As climate patterns become more unpredictable, rice farmers are relying on a modern way of to forecast the monsoon rains.
Central Lombok is one of the districts in West Nusa Tenggara, Indonesia, where rainfed rice is the dominant system of rice production. Farmers in Segala Anyar Village grow rice relying solely on rainfall as their source of water.
“On a particular sunny day during the dry season, we stand under the sun and look at our shade to foresee when the rain comes and we can start rice planting,” one experienced farmer said.
This is the local wisdom called “Warige” practiced by the Sasak people. It is an ancient calendar that combines traditional Sasak astrology with Islamic and lunar calendars. Despite a rainy season that spans more than five months, farmers in this village grow rice only once a year because of severe drought at the beginning of past seasons as the weather has become more unpredictable than the earlier times when Warige was practiced.
Rice is not only food but is also a symbol of wealth in Sasak society. Working hard in the rice fields is the way to gain prosperity for families; hence, farmers are eager to grow rice. However, rice production in Segala Anyar is subsistence and farmers have to grow other crops such as mungbean after rice to surpass the subsistence.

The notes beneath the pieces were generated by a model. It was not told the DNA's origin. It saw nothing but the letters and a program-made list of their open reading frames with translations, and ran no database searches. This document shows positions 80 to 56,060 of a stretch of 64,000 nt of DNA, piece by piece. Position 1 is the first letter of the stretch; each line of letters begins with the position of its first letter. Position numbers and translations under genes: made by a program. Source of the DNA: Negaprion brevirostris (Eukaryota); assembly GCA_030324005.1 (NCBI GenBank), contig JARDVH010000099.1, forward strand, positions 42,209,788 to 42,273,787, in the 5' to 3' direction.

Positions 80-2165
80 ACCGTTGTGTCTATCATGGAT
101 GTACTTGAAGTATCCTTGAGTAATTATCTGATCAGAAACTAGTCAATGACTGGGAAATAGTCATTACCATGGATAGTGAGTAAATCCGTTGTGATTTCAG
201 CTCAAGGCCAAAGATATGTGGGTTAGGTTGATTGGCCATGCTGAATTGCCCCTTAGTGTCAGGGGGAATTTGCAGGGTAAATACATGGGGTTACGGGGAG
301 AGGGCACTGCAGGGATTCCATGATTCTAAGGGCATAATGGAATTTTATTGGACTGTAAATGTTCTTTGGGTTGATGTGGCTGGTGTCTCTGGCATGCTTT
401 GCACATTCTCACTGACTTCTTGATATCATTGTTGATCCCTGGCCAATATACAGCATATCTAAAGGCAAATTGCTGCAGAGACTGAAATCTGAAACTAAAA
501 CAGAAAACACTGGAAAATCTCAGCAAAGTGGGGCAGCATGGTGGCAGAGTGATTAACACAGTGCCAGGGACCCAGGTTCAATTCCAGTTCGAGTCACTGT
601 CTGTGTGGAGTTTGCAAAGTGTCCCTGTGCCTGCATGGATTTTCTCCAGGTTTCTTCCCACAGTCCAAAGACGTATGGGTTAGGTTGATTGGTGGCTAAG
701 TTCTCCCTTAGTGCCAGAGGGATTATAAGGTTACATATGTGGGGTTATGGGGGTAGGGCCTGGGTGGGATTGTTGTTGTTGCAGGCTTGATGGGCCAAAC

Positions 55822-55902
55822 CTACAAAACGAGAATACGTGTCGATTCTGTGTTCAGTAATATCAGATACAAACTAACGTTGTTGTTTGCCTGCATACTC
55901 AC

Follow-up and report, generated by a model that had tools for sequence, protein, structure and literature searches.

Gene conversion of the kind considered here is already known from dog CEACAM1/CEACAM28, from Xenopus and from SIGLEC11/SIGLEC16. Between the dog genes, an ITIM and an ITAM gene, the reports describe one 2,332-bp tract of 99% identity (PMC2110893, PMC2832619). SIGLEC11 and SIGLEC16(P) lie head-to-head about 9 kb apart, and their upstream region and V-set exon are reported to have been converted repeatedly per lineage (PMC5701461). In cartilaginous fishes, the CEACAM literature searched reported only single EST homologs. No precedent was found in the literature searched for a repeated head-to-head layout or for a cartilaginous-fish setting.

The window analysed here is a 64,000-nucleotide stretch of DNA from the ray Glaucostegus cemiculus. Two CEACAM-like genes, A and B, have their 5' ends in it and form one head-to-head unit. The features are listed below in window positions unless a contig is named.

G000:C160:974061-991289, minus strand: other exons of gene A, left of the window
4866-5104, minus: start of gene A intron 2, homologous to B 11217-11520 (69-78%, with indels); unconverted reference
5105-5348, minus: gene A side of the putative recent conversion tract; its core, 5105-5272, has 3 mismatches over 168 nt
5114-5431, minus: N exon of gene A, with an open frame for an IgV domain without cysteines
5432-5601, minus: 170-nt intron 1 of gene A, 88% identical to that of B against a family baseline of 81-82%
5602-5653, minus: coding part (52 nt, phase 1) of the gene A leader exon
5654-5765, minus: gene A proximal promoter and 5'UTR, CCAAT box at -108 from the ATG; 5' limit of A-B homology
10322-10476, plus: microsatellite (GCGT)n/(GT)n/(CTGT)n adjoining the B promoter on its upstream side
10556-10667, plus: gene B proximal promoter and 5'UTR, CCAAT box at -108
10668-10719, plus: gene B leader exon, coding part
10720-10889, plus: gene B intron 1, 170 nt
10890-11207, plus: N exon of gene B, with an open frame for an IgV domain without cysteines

Working hard for less
Serdang Village in Deli Serdang District is another rainfed area located in North Sumatera, a province on the northern tip of Sumatera Island. Unlike the farmers in Segala Anyar, the farmers in this village have shallow tube wells in their fields for supplementary irrigation during crop seasons. Despite the extra cost for fuel to operate water pumps, farmers can avoid drought stress during critical crop stages and aim for higher yield.
However, a study found that they use more than enough water to obtain high rice production not only in the dry season but also during the rainy season. Many farmers take out loans through personal connections to pay for their production cost and what they earn from their harvest is only enough to cover what they paid. Eventually, they don’t have many savings left for their household needs.
The poverty rate is comparatively higher in Central Lombok and Deli Serdang than in other areas. Rainfed rice farmers in both districts live on less than USD 1.90 a day. Although rice farming is laborious and rice farmers work very hard for their family, their lives remain subsistence because of a vicious cycle.
[su_box title=”Women and WeRise“]
“We look for signs from nature to determine when it’s time to sow,” said Sukarni, a woman farmer from Pati District, Central Java who plays an active role in rainfed rice farming. “Rain is our primary source of water for rice production. Some people have wells but these could dry up during the dry season.”
Sukarni says transplanting and weeding are the most backbreaking chores for women farmers like her. Their chores become even more difficult with the lack of rain.
“It is harder to pull out the seedlings and weeds when there is no water,” she said.
WeRise could definitely improve her plight and those of other Indonesian farmers in rainfed rice-producing areas. [/su_box]